No Words

Me and Mom

Yes, there are actual words to account for my absence here in this space over the past six months or so. And words to account for why over the past year, I haven’t been posting in any regular fashion. Strings of words even.

Sentences such as…

The whole thing started almost three years ago when my mom thought she had bit her tongue. A few months later, her tongue hadn’t “healed” and you could hear it in her speech.

Questions like…

Maybe it’s shingles? Maybe it’s Bells Palsy? What about Lyme’s Disease? Or, Bulbar Palsey? Or, God forbid, ALS?

And two years ago, in this month of April, in this very chair that I’m currently sitting in, looking at this same computer screen, I read a string of words that said,

Life expectancy for Bulbar ALS is 2-3 years.

And I shook when I read that. An electric shock went through my body and my stomach felt hot. I sat there for a long time, with my hand over my mouth, staring at that string of words and I could feel my heart beat deep inside my ears.

Nobody was really sure what was ailing my mom. Every doctor she went to differed in his or her diagnosis of her progressive symptoms. Over the course of a few years, the possibilities were narrowed down to Lyme’s Disease or Bulbar ALS (Lou Gehrig’s disease.)

My mom gave all of her energy and emotion to the Lyme’s Disease diagnosis. There is no cure for ALS. It will eventually take your life. But with Lyme’s Disease, there is treatment. There is hope.

Growing up, whenever I’d ask my mom deeply personal questions, she’d laugh it off by quoting her mother who always said, “Don’t air your dirty laundry to the neighbors.” And that was that.

She never talked about whether she thought this diagnosis was wrong. About what would happen if the treatments didn’t work. About how she felt living inside a physically declining body. About the possibility of death. Not when she lost the ability to speak over a year ago and had to communicate by writing on an LCD writing tablet called a Boogie Board. Not when she could no longer eat through her mouth. Nor when she could no longer walk.

By a single glace from her eyes to ours, we knew that any questions regarding negative outcomes were forbidden. Any discussion of her illness outside immediately family without her consent was also forbidden.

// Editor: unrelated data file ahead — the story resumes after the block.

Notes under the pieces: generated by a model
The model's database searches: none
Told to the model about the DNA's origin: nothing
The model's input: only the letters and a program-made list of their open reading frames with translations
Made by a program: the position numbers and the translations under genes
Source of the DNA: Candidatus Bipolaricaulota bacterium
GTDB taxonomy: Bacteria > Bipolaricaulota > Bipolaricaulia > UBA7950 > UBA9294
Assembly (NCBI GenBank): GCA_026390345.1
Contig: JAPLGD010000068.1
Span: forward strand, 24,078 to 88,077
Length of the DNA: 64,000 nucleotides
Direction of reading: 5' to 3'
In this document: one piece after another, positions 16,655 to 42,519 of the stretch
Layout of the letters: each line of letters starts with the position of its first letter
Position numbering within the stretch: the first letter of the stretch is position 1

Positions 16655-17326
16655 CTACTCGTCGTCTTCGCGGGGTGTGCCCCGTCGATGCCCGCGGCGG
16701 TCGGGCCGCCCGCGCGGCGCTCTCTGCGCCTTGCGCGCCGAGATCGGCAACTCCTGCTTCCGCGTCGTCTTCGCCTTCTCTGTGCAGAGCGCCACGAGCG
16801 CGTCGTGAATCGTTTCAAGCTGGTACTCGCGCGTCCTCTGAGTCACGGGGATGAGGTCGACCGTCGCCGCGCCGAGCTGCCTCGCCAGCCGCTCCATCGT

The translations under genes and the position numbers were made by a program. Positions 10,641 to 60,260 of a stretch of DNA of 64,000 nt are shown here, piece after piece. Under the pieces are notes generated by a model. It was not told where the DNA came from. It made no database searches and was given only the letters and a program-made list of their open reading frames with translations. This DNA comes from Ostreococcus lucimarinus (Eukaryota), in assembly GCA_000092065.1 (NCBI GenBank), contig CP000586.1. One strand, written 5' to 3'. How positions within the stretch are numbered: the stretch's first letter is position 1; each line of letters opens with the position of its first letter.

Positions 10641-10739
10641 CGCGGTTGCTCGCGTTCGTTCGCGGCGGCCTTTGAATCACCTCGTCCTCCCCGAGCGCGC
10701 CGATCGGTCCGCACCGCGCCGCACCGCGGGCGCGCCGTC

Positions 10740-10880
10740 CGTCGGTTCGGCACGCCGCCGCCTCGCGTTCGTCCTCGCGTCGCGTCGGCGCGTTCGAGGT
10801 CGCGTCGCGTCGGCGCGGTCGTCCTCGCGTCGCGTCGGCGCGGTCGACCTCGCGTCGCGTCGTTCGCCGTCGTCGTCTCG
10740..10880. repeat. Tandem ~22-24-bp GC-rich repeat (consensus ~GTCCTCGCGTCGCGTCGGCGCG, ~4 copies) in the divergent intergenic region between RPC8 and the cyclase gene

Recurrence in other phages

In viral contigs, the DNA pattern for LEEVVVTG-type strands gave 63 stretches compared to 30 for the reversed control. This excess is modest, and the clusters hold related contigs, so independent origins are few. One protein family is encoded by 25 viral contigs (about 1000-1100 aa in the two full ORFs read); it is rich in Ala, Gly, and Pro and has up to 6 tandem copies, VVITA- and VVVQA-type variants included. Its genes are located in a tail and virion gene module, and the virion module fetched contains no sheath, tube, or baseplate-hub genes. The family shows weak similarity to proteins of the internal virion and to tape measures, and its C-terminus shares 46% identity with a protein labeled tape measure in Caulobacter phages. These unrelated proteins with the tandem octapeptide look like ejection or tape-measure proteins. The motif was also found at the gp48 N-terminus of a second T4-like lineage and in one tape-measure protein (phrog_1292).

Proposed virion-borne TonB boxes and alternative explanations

She bravely and privately handled every uncertain day with grace and stoicism.

Me being me…a word person with wide swings of emotion…struggled with not being able to discuss her declining health with her. Her feelings about it.

Last fall, I was sitting next to the bed that had become my mom’s home. There were caregivers coming in and out. The windows were closed. The Chew was playing on the TV and Catherine McCord was on that day making her Pumpkin Pie Tarts. My mom was tapping out text message to her friends, and writing on her board, saying things like, “Those Pop Tarts look yummy. Didn’t you meet Catherine last spring? Now that I’m thinking about it, those pop tarts might be too much work.” Just another day of watching cooking shows.

And in that moment of smells and noise and emotion and stale air and people coming in and out, I wanted to fling the window open, put her pen down, take her face in my hands and ask, “Mom?! Don’t you just want to shout from the top of your lungs, ‘FUCK THIS!!!’??

But, I didn’t move. I sat there silently with my hands wrapped around my cup of chai tea while activity buzzed around me. And, of course, my mom would never yell that. She never swore and she wasn’t prone to extreme emotion.

The Sunday before Christmas, my dad called in the late afternoon to say that my mom’s breathing was labored. I better come over.

When I arrived, it was almost dark outside. The house was quiet and dim except for the lights on the Christmas tree. No caregivers were to be found. I slipped down the hallway to my mom’s bedroom. My dad was sitting in the upright chair next to his spouse of 48 years tenderly stroking her arm. My mom rested quietly on her inclined bed. “Hitched for the Holidays” was playing on the Hallmark Channel.

We have never been an overly affectionate family. Hugs upon greeting someone and saying goodbye – yes – but cuddling, holding hands and such have never been our style.

In that moment, I climbed up on my mom’s bed and cuddled next to her body, my head on her shoulder, like I haven’t done since I was a little girl.

She gently reached over and patted my hand with hers. The long fingers. The custom wedding ring with emerald and diamond stones. The self-manicured nails.

My dad asked her if she wanted to watch anything else on TV. She shook her head and wrote, “Hallmark” with a smiley face. My dad patted her arm and said to her, “My sweetie loves her Hallmark channel.”

We stared at the TV while the full volume of what was not being said seemed to fill the room with warm, compressed air like inside a balloon.